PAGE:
The Canadian Infrastructure Report Card, the National Infrastructure Summit and the recent infrastructure roundtable discussions are all key to the future of the nation’s infrastructure, says one industry leader.
The Canadian Infrastructure Report Card , the National Infrastructure Summit and the recent infrastructure roundtable discussions are all key to the future of the nation’s infrastructure, says one industry leader.
“I think anything that contributes to the conversation and to the knowledge base in putting together a prudent, sustainable, long-term plan is extremely helpful,” said Michael Atkinson, president of the Canadian Construction Association (CCA).
The Building Canada Plan, introduced in 2007 is set to expire in 2014. Stakeholders are anxious to have their say in what that new plan will look like.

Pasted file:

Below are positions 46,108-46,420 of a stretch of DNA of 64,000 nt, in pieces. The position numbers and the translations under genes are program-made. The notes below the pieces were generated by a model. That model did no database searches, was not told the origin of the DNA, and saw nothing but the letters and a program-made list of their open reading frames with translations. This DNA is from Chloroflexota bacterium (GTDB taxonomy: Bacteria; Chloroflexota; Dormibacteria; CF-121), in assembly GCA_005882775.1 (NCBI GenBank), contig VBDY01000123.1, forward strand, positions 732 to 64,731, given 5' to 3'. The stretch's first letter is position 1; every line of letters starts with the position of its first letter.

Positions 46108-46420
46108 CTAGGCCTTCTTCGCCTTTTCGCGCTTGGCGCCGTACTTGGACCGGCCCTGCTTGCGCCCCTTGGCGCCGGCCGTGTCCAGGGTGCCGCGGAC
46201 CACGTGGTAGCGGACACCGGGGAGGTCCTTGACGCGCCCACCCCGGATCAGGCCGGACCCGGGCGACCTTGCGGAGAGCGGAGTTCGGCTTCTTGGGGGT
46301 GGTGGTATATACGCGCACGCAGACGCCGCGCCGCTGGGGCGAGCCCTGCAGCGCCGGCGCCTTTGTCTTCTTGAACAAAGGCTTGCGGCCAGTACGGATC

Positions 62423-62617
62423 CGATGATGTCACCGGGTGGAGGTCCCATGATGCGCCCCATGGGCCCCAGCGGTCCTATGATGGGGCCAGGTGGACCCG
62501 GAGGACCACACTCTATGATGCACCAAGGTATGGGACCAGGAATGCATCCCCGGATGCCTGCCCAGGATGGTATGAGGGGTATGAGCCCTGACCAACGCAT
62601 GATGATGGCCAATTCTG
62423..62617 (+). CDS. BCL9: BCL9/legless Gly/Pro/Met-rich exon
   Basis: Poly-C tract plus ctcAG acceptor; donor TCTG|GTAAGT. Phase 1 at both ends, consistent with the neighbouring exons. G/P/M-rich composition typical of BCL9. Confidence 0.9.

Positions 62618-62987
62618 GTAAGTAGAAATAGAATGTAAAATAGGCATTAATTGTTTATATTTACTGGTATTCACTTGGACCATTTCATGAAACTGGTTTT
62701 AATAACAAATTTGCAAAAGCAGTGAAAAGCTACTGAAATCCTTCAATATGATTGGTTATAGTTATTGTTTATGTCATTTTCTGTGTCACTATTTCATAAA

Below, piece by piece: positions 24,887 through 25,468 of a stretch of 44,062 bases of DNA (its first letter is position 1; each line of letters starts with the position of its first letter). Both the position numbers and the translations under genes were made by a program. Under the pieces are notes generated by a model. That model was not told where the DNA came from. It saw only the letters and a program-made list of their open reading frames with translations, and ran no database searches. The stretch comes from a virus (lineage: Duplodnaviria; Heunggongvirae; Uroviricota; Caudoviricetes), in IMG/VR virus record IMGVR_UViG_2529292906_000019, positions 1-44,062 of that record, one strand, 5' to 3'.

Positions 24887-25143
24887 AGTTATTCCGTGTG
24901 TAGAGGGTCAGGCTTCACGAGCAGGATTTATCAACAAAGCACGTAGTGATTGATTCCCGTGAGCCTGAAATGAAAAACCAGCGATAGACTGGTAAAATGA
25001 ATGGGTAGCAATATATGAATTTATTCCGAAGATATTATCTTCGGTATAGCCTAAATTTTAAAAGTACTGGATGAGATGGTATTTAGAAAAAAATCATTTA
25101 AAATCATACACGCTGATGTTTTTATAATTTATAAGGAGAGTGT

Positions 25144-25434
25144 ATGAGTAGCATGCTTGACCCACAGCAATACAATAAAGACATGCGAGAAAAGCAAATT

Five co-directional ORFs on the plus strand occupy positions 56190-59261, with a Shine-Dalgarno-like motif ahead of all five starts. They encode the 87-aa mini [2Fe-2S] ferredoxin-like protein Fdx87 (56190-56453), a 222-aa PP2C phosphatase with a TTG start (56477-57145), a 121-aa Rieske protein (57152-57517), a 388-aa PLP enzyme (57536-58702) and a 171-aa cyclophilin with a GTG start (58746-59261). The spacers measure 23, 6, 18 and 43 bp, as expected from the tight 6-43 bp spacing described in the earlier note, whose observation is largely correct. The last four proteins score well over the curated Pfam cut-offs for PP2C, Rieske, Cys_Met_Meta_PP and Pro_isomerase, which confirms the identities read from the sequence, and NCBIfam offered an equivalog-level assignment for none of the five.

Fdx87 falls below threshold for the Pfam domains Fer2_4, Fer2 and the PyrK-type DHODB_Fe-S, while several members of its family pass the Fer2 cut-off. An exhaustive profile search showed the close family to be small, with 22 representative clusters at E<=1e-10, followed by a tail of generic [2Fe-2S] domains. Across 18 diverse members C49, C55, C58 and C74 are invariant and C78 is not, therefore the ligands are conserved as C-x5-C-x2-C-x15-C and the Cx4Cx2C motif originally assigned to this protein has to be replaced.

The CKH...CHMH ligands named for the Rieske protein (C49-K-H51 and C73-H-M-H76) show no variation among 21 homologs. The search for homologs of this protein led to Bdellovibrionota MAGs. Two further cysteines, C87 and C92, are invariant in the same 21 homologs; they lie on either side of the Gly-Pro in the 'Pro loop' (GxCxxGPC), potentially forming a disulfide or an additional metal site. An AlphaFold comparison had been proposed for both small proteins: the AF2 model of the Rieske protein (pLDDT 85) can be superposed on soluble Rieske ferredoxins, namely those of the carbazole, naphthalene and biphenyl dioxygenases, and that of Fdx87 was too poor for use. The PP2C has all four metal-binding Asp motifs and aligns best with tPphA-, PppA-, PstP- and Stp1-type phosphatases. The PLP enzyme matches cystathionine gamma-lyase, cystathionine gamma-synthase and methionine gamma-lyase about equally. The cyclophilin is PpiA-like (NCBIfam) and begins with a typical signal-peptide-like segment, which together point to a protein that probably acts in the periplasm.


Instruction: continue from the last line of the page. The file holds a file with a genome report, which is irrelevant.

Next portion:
The second National Infrastructure Summit was held in Regina, Sept. 10 to 12, where stakeholders gathered to discuss long-term infrastructure funding. Many of the delegates were from the municipalities who participated in the infrastructure report card. Bringing together so many like-minded stakeholders is always a good thing, says Atkinson.
“I think it creates a certain energy, a certain synergy and momentum that is very important because despite what some people may think, the importance of Canada’s infrastructure is a tale that has to be continually be told — whether it’s around the cabinet table, the municipal table or the kitchen table,” he said.
The new federal infrastructure plan is expected to be unveiled in 2013.
“Our infrastructure is really the health care system for Canada’s economy and if our infrastructure catches a cold, our economy sure as heck is going to sneeze and cough. You can’t sever the ties between the two of them; they’re intricately linked.”
DCN NEWS SERVICES